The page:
Tuesday

16th Oct 2018

MEPs vote to abolish secret company ownership

  • City of London: The commission estimates the EU economy loses at least €120 billion every year, most of through money laundering (Photo: avail)

A European Parliament vote on Thursday (20 February) to set up public registers to identify company owners has been hailed as ground-breaking by pro-transparency groups.

MEPs in the civil liberties and economic committees backed the European Commission’s anti-money laundering directive but then added a public register provision to help crack open shell companies and trusts.

Read and decide

Join EUobserver today

Support quality EU news

Get instant access to all articles — and 18 year's of archives. 30 days free trial.

... or join as a group

“We are enlarging the whole anti-money laundering directive from crime fighting to tax evasion and I think that is very important,” Dutch Green MEP Judith Sargentini, one of the parliament’s lead negotiators on the file, told this website.

Often based offshore in places like Bermuda, Jersey, and Gibraltar, shell companies are legal entities set up to hide an owner’s identity.

The World Bank estimates 70 percent of the proceeds of crime, corruption, and tax evasion are laundered through the murky corporate structures.

Around 1 percent of the criminal proceeds are detected.

The seizure rate by police is even lower, according to the UN Office on Drugs and Crime, with EU governments and developing countries losing out in billions of tax revenues every year.

To scale back the losses, MEPs want each member state to list the ultimate owners of companies and trusts in publicly accessible online business registers. The registers would be interconnected.

MEPs from across the political divide support the plan.

“We got all political parties from GUE to EPP and ECR voting for public registers on ultimate beneficial owners,” said Sargentini, referring to leftist, centre-right and rightist groups in the parliament.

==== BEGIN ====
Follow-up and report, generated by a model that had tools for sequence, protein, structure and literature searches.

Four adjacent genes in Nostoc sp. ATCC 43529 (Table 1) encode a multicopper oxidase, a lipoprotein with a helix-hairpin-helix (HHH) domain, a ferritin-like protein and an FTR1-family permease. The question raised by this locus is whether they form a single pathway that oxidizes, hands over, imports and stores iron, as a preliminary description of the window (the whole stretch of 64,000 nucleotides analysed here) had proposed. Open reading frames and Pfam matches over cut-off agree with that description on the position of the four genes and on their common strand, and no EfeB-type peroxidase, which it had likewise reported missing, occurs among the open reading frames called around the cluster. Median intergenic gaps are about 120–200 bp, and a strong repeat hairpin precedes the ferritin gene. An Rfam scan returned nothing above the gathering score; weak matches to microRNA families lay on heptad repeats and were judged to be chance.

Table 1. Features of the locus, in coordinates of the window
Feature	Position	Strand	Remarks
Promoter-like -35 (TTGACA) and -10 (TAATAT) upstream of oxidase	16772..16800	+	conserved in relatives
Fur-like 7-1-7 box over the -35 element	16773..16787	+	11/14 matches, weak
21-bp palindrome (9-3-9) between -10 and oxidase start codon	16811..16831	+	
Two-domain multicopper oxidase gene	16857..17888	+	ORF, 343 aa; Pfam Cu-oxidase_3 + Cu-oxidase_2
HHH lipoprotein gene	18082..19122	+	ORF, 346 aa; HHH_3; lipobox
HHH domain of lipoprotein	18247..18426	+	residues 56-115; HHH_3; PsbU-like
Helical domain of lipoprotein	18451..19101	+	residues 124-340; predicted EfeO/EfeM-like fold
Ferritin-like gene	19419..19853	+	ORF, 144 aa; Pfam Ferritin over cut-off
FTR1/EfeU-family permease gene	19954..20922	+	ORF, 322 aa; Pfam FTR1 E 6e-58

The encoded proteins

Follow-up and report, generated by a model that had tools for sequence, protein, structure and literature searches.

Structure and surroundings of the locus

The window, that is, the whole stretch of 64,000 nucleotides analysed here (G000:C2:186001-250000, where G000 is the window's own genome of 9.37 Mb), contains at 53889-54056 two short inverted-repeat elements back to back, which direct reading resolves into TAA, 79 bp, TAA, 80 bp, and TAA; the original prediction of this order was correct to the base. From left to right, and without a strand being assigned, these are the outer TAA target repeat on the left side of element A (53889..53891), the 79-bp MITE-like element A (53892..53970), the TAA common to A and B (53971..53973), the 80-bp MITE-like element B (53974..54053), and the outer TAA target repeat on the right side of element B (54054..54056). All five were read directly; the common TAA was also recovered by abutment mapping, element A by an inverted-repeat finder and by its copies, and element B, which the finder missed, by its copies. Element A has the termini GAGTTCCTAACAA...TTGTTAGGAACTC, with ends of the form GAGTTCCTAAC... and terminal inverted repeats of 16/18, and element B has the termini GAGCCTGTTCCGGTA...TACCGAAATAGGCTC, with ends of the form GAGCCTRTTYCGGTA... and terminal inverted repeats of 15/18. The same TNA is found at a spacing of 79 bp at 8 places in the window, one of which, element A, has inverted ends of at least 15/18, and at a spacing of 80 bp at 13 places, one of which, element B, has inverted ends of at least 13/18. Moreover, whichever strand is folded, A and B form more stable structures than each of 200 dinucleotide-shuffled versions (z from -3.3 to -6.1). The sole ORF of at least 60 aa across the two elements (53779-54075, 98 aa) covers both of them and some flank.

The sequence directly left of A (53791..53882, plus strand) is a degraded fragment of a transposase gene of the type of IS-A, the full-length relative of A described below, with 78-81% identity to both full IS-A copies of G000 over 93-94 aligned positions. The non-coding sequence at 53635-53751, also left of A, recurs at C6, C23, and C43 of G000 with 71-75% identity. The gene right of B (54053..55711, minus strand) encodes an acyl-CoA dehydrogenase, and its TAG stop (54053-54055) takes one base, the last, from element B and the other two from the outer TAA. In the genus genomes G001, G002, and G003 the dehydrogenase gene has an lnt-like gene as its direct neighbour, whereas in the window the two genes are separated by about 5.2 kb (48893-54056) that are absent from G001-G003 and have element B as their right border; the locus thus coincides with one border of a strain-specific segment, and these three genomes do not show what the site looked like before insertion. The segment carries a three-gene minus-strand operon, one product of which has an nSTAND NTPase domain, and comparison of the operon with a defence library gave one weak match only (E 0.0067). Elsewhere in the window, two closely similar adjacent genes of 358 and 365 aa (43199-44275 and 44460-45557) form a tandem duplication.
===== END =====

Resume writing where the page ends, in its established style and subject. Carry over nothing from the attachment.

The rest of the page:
Banks and financial institutions, auditors, lawyers, accountants, notaries, tax advisors, asset managers, trusts and real estate agents would have to provide the names to national authorities to put in the registers.

“They need to verify the identity and sometimes that means piercing various layers,” says Nienke Palstra, a policy expert on anti-money laundering at Transparency International.

Current methods to disclose the details can be costly and time intensive.

Organisations are currently required to file a report, whenever they encounter something suspect, to a national authorities’ financial intelligence unit (FIU).

Insiders say the units do not always follow up on the reports or co-operate well with other units in different member states.

“There are some serious doubts whether or not the current system - with those FIUs which have to follow up on all the suspected activities - is efficient,” says Koen Roovers at the Brussels-based Financial Transparency Coalition.

But with interlinked registers in each member state, organisations over time would have a better starting point to verify the beneficial ownership of potential clients.

It also makes it easier for an FIU in one member state to access the data in another.

The public nature of the registers is meant as an extra layer of scrutiny to ensure the data is up to date and correct.

Changes in ownership would have to be communicated to the national authorities within 30 days. People who provide inaccurate or false information could face criminal sanctions.

The draft bill is set for a vote in the plenary in March. MEPs are hoping to launch inter-institutional negotiations in autumn.

Both the UK and France support the registers. But resistance has emerged from Germany.